Why Are Cross-Chain Bridges So Vulnerable To Hackers, And How Can We Fix Them?

Bridges experienced a hot year in 2022 with over $1.89 billion in user funds. stolen through vulnerabilities in the code and other feats. This is a big problem, and it becomes even more serious with the realization that state-funded North Korean hackers are considered the most active perpetrators of these incidents. According to The Block and Chainalysis, the so-called Lazarus Group was able to steal about 1 billion dollars user funds by hacking bridges and other DeFi protocols in the past year.

It is fair to say that bridge vulnerabilities have become one of the biggest security concerns for the wider crypto ecosystem, and especially for DeFi. So this is an issue that needs to be addressed urgently.

What are cross bridges?

The blockchain industry is uniquely open and decentralized and has grown to encompass hundreds of different networks. There are over 100 independent blockchains today, and they don’t have an easy way to communicate with each other. Because of this, someone on the Ethereum blockchain cannot interact with someone else using Bitcoin. As such, BTC, by far the most valuable crypto asset, cannot easily be used with most DeFi protocols. Then communication between blockchains is obviously desirable as it would open up more liquidity to ecosystems, open up new use cases, and spur crypto adoption.

The desire for interoperability between blockchains has led to the creation of inter-chain bridges, which are designed to enable interoperability between networks. For example, worm-hole bridge allows users to move cryptocurrencies and non-fungible tokens (NFTs) between various smart contract chains such as Ethereum, Polygon and Solana.

Why are they vulnerable?

Unfortunately, most bridges between networks have proven to be extremely unreliable and therefore risky for users. They have become one of the biggest targets for hackers and are constantly being investigated for vulnerabilities. And all too often, vulnerabilities are discovered, resulting in millions of dollars worth of user funds being lost forever.

The designs of bridges vary, but in general they all use a similar mechanism where the user locks assets on the same chain (such as BTC on bitcoin) in a smart contract. Once this is done, the bridge will create a “wrapped” version of that asset on the target blockchain (e.g. wBTC in Ethereum). The user can then use wBTC with any Ethereum-based application and can return the asset at any time to unlock the original BTC. Thus, the value of wBTC is always pegged to the value of BTC.

Bridges are an innovative solution that enables interoperability between networks, but these locked tokens also become tempting targets for hackers, whether protected by a smart contract, a multisig wallet, or a third-party custodian.

Can anyone fix them?

Bridge security is one of the most pressing unsolved problems in the crypto industry, but the good news is that progress is being made.

One of the most promising initiatives to emerge this year is Pantosproject started by co-CEOs bitpanda, one of the largest fintech platforms in Europe. pantos, which launched in public beta in February, is developing a new kind of multi-chain token technology that will allow the transfer of digital assets between protocols in a completely decentralized and insecure way.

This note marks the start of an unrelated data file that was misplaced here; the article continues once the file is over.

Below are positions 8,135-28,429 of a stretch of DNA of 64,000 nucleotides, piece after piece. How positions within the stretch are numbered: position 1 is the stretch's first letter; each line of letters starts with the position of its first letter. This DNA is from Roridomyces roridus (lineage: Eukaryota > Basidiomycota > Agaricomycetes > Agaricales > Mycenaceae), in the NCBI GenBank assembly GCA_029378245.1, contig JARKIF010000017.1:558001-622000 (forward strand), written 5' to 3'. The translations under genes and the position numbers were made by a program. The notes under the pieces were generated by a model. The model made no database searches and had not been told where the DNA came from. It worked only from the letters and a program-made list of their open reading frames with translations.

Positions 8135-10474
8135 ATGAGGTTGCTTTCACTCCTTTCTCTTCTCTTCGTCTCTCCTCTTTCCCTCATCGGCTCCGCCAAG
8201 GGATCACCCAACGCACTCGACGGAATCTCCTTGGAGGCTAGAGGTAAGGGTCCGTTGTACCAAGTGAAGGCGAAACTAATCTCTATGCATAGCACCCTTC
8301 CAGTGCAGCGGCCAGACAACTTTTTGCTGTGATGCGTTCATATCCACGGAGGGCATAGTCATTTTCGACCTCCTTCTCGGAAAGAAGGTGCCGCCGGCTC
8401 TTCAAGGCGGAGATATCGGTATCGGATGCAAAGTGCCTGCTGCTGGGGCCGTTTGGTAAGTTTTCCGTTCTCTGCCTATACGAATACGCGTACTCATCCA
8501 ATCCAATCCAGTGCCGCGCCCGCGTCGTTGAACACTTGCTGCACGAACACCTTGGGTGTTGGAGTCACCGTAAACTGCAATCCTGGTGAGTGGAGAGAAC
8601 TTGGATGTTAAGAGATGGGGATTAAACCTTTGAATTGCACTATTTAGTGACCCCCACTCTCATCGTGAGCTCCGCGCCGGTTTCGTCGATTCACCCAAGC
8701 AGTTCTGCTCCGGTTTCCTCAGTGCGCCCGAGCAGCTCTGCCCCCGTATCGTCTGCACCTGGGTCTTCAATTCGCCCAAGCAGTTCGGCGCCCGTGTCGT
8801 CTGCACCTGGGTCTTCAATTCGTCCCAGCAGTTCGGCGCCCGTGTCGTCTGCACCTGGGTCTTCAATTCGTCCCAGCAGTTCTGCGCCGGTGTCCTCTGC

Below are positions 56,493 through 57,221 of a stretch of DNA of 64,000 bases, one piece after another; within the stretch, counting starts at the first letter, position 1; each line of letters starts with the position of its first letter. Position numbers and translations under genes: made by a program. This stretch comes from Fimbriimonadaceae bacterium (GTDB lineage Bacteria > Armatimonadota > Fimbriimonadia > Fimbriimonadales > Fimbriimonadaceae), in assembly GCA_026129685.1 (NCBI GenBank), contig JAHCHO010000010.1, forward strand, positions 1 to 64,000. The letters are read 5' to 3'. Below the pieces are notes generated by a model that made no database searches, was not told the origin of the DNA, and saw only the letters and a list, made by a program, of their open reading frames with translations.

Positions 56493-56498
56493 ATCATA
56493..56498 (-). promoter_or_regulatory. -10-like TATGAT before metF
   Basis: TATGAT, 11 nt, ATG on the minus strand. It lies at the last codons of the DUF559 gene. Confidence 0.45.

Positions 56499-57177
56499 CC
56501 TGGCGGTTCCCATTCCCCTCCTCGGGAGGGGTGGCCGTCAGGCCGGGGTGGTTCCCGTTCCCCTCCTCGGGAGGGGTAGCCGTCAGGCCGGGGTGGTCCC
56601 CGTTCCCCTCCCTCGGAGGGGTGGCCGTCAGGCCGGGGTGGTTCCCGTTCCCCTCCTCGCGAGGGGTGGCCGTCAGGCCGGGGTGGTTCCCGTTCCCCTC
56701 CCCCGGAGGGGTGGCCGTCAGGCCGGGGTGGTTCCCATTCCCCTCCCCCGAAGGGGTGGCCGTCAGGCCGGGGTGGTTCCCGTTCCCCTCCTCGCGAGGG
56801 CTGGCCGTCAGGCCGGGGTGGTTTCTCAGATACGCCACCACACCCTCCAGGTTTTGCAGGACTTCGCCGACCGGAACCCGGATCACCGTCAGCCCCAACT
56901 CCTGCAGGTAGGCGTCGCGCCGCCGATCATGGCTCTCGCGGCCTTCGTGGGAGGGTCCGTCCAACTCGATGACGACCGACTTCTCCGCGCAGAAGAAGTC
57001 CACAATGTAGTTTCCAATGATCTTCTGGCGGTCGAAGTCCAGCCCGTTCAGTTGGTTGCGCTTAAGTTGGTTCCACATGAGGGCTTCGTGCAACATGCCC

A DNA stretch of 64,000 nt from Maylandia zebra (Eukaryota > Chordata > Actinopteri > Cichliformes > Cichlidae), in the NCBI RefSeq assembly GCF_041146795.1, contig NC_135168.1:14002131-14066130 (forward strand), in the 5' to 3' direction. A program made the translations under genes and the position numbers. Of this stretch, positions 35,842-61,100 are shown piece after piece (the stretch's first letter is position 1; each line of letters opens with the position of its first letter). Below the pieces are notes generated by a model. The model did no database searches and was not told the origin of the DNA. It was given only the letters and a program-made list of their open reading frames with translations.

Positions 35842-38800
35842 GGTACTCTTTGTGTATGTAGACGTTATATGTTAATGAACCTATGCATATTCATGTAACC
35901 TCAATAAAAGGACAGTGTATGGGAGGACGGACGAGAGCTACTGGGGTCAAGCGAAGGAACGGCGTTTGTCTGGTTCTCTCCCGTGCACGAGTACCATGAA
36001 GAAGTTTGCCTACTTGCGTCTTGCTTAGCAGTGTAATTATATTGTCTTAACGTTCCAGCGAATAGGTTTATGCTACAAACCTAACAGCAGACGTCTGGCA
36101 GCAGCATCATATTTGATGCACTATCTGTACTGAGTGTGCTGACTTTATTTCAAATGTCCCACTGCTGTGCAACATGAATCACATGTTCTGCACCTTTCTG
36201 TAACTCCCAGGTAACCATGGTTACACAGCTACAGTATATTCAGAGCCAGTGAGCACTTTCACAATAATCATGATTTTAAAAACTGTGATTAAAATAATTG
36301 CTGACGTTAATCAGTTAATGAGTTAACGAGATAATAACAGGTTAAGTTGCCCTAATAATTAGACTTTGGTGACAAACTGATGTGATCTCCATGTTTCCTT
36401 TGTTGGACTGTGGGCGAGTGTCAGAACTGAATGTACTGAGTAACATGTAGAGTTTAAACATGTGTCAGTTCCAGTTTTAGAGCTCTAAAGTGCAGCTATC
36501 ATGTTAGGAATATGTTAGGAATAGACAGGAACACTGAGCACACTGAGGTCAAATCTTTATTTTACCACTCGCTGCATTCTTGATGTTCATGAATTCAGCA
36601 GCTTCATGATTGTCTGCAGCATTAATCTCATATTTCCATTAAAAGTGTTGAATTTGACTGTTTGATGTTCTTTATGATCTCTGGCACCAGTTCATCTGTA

Unlike bridges, Pantos is building a true multi-chain token system that will allow assets to exist on multiple blockchains and be freely transferred between them. Key to this is the new Pantos token standard for multi-chain assets, PANDAS, which stands for Pantos Digital Asset Standard.

Pantos is the culmination of years of research involving Bitpanda academics at TU Wien and TU Hamburg. Together with researchers, he formed a dedicated research group in the Christian Doppler Lab for Blockchain and IoT Technology, which has been focusing on networking since 2018.

Pantos implements Newest technologies to ensure interaction between blockchains. It allows native assets of all supported chains to be wrapped and used with Pantos, with each asset backed 1:1 with a native token and locked inside a smart contract. The PANDAS-20 token standard is compatible with multiple blockchains (Ethereum, BNB Chain, Avalanche, Polygon, Cronos, Fantom, and Celo are supported at launch) and allows developers to deploy assets on any of them without maintenance. In the future, it will also allow digital creators with no coding skills to deploy their own multi-chain tokens.

While the design of the Pantos is extremely innovative, the most encouraging aspect is the level of attention given to its safety. While no project can claim to be truly unhackable, Pantos has dedicated years of effort in partnership with some of the industry’s leading academics and scientists, testing every aspect of its multi-chain token ecosystem to minimize the potential attack surface. Professors are leading these efforts. Stephen Schulte Technical University of Hamburg and Matthew Maffei from TU Wien, later made a number of security improvements to Bitcoin’s Lightning Network. Together with a team of other researchers, he went through the entire Pantos codebase to identify and fix any vulnerabilities and exploits.

With enhanced security, Pantos positions itself as a layer 0 network for all major blockchains. It will become more than just a bridge, providing the robust underlying infrastructure for interacting with Web3 that the industry sorely needs.

Image by angelabeauchamp79 from Pixabay

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